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The Tainted Love Of A Captain @janelark @HarperImpulse

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The sounds and scents of the Crimean War are strangling Harry Marlow, shutting him off and silently smothering his soul. But he is a soldier and that is his life, and he can see nothing else besides that. So why should he care when a woman watches him? His life is not one to share with a woman, other than for a few moments in his bed.

When a woman is already drowning so deeply in sin she is without any fear of judgement – what can it matter if she chooses to begin a new affair? It is like escape to choose her own man and Captain Marlow is the perfect candidate for a dalliance. All she has to do is obtain an introduction…

Guest Post By Jane Lark 

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For all you hopeful writers… Pantser or Planner? Writing a series.
If you are a very organised writer (unlike me) then to plan your series you probably started with an ending and take steps backwards in a story, plotting them through a chart and timelines, and marking relevant events and links that you want to put in and create.

My head likes to start with a vision at the beginning, I see an opening scene, as though the book is a film, and then my characters tell me where they want it to go.

Advantages to being a planner: You can fully think the whole thing through and know where your next scene is taking you and why.

Disadvantages: If you know where you’re going, generally so does your reader as you leak in the clues.

Now there are three ways to manage a plot twist…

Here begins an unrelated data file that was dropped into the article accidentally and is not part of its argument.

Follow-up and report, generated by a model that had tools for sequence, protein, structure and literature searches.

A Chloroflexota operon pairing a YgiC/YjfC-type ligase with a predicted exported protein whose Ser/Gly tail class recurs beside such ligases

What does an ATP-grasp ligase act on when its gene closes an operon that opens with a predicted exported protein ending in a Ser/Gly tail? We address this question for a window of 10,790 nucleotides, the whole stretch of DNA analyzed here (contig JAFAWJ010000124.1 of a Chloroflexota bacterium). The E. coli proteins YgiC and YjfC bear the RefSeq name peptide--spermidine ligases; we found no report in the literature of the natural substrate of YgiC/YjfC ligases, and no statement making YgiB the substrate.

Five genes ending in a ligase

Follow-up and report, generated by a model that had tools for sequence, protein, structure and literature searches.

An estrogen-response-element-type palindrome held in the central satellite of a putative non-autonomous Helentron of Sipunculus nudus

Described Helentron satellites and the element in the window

1. Let the reader know right from the outset so they are in on a character’s secret but have the suspense of waiting to see the impact on others (I have used that in a couple of my stories).  For instance in The Illicit Love of a Courtesan I mention that she has a son at the very beginning and an editor asked me if I wanted to take the thought out. I left it in because I wanted the reader to be wondering how that would impact on her future.

  2. To hint in the book that a plot change is coming, so threading clues through. I have done this in most books, usually by back tracking as I don’t plan, but I think there’s an excitement in reading and thinking you have worked the story out, and know what’s coming but you don’t know when or how it will manifest and another part of you is thinking, am I right?
  3. Give absolutely no clues and then drop the twist in. Now if you are a reader like me my mind starts spinning back through a story trying to work out how on earth that fits, and were there clues I missed. Putting in clues that people miss is something very hard to do, I always guess endings – the film Sixth Sense is running through my mind. But if you are pantser and you don’t think of the plot twist until the point it hits, then no one is going to guess it, are they?

The Marlow Intrigues stories are linked rather than a rolling story, so you can pull out a book in the middle, or pick it up with this book right at the end and still enjoy it without reading the others. But if anyone reads the last book in the Marlow Intrigues series and tells me they guessed what the plot would be, I know they couldn’t have guessed it because I didn’t know it until a year before I began writing the story and that was after the other books were published so sorry there are no clues. Although there is one tiny planned hint that might just make the addicts of the series more alert from the beginning of the book 😉

Order your own copy of The Tainted Love Of A Captain here: Amazon UK

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